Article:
15 April 2010

Getting Raabed

If you’ve been to the market in the last several weeks, you’ve probably seen raabs (or rabes) alongside various greens. Raabs are the flowering stems of the plants that fall into the very large family called brassicaceae—the cabbage or mustard family. In this family are vegetables like cabbage, cauliflower, kale, broccoli, turnips, mustards, kholrabi and radishes, to name a few.

Many are familiar with broccoli rabe (also known as rapini, cime di rapa, broccoli raab, broccoli di rape, among others). But while broccoli raab has been bred as its own distinct plant (and in the same cultivar group as turnips), these other raabs are the flowering stems of the plants—the kales, collards and Brussels sprouts, for example.

Just as herbs bolt, flower and then go to seed, so, too do these plants. For example, Brussels sprout raab are the flowering stems in spring from the fall crop of the same vegetable. Jamie from Groundworks Organics said that rabes were always considered “farmer food” and not something you’d normally see being sold. These flowering tips, he said, were among the few greens still growing in late winter. And the window of time they’re available is too short for most grocery stores to bother selling them.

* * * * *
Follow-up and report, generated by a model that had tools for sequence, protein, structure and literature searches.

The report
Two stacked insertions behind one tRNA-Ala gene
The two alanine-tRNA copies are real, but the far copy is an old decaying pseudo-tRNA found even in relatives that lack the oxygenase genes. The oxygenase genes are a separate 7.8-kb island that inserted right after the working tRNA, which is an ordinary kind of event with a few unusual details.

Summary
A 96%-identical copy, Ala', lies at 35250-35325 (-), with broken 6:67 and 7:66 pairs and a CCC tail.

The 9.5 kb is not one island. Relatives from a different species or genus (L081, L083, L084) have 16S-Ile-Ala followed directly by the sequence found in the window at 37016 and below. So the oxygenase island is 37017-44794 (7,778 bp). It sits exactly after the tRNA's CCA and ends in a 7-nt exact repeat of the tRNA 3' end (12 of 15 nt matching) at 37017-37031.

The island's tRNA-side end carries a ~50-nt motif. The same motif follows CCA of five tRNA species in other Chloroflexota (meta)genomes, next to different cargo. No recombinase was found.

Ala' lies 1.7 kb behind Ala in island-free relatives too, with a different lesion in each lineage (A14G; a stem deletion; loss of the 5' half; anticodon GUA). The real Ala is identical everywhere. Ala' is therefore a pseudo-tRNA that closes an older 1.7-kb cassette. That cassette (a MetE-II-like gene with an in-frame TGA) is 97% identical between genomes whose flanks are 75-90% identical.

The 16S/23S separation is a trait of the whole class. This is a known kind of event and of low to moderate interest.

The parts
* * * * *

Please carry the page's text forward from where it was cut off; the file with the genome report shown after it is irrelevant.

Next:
But times have changed. Maybe we’re more conscious of what we throw away. Overlooked produce suddenly becomes popular. People are willing to try new things.

The bundles are like a bunch of flowers—the colorful stems, leaves and flowers make for a nice change from their leaf-only cousins. Each tastes slightly different and most are more mild than broccoli rabe, which can be quite bitter. All are very nutritious-and include vitamins like C, A or K and potassium, calcium and iron. And many have anti-cancer properties, and are high in antioxidants.

One of the best ways to cook raab is to boil just until the stems are tender. and then drain. Heat some olive oil in a skillet, add some crushed garlic and a pinch of red pepper flake. Add the rabe, tossing with tongs till coated with oil and seasonings. Add salt to taste and a squeeze of lemon. Great as a side dish or tossed with pasta.

—Jane Pellicciotto